THE BLOG
23/09/2015 12:25 BST | Updated 22/09/2016 06:12 BST

Tougher Sentence for Sex Abuse of Asian Girl Has Been Wrongly Interpreted

Judge Sally Cahill gave paedophile Jamal Muhammed Raheem Ul Nasir a tougher sentence than normal because she factored in the Asian background of the victim and the appeal judge agreed with the ruling. What did the judges actually mean when considering the ethnicity of the victim? It appears that most people have wrongly interpreted this to mean that Asian girls suffer more than White girls, which has, not surprisingly, caused outrage.

It's unfair to compare the suffering of victims because the impact of sexual abuse is life long and they will be affected in different ways depending on their background and particular vulnerabilities exploited in the first place. Sexual predators tend to groom girls who are unlikely to disclose their abuse. This may mean (although this is not always the case) targeting girls from dysfunctional families, who are in care, have a history of abuse or a learning disability. However, Asian girls also have a vulnerability specifically linked to their cultural background, which is that of 'shame and honour.' Offenders control Asian girls through blackmail by threatening to expose the abuse to their families. Unfortunately in Asian communities there is a tendency to blame the victims instead of the offenders, which means disclosure can result in girls being shunned or subjected to honour based violence or forced marriage.

So when punishing offenders, the judge has the power to increase the prison sentence if 'aggravating factors' exist that make the crime worse. New sentencing guidelines came into force in April 2014. New changes included broadening the range of aggravating factors, including giving proper consideration to the vulnerability of the victim, and adding a new aggravating factor of controlling victims by threatening to expose the abuse to family or others. Given these new guidelines the Judge Sally Cahill rightly considered the aggravating factors that applied specifically to the victim abused by Ul Nasir. In this case it was the factors linked to her cultural background, which led to the increased sentence. This should not be confused with her being considered to have suffered more than other victims whether White or not. In another case four Rochdale men were convicted of grooming a teenage girl and were given lengthy sentences because the victim was from a broken home and been in care, which were considered as aggravating factors. It is important to focus on the bravery of these victims who come forward. By reliving their horrific ordeals they not only hold evil men accountable for their crimes but also stopp them from abusing others. So when judges give the toughest sentences possible to pedophiles, it should be welcomed not criticised.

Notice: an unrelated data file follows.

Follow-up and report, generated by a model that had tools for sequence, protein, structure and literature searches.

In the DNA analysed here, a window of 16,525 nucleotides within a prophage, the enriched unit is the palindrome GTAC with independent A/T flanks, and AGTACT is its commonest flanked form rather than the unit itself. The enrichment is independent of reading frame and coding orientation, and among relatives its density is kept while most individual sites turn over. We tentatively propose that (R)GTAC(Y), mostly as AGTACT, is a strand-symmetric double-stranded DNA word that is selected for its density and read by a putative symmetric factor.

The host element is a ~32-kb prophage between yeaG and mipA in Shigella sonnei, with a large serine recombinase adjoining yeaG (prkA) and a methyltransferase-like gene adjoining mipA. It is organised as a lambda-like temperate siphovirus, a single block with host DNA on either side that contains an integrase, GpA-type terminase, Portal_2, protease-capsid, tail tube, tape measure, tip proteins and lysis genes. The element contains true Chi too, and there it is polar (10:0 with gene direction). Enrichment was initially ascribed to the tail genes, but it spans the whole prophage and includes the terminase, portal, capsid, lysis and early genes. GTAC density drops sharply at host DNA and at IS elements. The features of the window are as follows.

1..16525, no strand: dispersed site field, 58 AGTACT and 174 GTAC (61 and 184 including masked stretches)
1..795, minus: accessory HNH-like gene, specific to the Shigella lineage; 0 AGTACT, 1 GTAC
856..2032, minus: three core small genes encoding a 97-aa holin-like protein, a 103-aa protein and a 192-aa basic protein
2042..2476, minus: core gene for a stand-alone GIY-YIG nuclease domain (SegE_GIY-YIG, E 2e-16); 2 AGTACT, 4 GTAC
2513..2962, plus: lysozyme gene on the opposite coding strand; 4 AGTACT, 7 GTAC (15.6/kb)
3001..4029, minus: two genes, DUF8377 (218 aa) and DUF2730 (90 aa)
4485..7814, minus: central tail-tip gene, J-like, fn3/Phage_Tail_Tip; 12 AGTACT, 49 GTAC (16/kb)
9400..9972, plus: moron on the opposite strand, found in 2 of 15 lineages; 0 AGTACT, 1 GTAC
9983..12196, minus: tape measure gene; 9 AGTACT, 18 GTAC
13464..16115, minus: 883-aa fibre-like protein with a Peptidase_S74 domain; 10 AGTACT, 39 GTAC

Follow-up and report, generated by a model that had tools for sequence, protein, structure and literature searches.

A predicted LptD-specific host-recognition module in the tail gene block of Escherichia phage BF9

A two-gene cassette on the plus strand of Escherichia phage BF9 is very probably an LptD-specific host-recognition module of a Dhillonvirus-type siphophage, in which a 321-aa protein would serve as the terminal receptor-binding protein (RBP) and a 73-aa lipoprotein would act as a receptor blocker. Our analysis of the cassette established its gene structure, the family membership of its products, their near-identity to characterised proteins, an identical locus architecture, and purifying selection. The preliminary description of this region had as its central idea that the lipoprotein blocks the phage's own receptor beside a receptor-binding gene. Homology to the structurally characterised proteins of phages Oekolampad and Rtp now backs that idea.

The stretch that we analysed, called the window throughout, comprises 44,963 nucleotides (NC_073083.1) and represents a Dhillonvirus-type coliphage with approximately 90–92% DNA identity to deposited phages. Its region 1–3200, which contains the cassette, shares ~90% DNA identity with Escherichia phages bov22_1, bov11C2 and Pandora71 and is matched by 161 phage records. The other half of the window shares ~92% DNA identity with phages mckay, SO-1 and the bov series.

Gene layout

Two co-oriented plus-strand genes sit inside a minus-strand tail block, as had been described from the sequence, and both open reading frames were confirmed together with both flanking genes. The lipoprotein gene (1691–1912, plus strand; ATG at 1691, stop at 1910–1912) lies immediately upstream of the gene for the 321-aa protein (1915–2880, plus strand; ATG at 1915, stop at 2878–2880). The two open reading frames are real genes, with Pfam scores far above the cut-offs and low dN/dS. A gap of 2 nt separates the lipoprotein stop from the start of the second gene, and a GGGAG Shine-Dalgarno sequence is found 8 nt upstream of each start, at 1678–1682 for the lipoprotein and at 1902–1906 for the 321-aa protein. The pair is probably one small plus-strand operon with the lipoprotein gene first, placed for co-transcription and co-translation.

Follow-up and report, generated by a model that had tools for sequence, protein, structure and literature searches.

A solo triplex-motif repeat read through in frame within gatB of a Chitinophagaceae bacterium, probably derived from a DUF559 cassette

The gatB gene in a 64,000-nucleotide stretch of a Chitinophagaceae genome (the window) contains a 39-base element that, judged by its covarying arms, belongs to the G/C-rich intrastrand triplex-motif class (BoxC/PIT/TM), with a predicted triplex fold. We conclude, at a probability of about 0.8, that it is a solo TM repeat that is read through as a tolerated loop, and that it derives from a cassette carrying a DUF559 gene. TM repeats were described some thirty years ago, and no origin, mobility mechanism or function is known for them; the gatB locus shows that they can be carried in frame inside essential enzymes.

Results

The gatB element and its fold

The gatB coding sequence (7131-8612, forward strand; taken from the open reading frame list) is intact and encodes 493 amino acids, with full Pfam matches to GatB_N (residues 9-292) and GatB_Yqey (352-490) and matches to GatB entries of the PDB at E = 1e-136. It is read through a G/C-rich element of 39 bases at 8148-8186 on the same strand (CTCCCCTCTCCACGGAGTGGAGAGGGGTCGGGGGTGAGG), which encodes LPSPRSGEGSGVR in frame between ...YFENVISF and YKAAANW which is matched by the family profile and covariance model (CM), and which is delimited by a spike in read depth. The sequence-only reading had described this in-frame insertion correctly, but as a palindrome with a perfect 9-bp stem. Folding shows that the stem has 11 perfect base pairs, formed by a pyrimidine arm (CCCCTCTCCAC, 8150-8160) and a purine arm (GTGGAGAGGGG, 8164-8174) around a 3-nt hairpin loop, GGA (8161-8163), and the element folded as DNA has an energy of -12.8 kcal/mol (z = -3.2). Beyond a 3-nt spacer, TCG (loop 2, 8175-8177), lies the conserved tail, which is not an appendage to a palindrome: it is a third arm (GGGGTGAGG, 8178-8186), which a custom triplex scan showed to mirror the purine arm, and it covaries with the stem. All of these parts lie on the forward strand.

The fact that Asian victims of abuse are finally coming forward is something that has also been overlooked in this debate over the prison sentence. In another case, a teenage Muslim girl explained how gangs of men in Yorkshire had groomed and abused her. Lubna (not her real name) is fortunate that her father has been helping her get her life back to together. Cases like these are rare where Asian parents support their daughters as we found at the Muslim Women's Network UK when we conducted research which led to the report, Unheard Voices: Sexual Exploitation of Asian Girls and Young Women. Victims included girls from Pakistani, Bangladeshi, Afghani, and Sikh backgrounds. We uncovered the most horrific cases of abuse and when families found out the girls were often revictimised. Farah's abuse began when she was 12 years old. She was passed around for two years by a large network of men, which involved gang rapes by up to 15 men and torture. Parveen was also passed around by a group of when she was 12 years old. Eventually when Parveen's family found out, they blamed her and forced her to have a hymen repair surgery before forcing her into a marriage. Since the launch of the report many others have come forward to share stories of their ordeals including one woman who was groomed 40 years ago by a family member who took her to parks and forests so his friends could also rape her.

It is clear that all children are at risk of sexual exploitation. Pedophiles will target the most vulnerable and the most accessible in society - such evil people do not have respect for women and girls of any ethnic or religious background.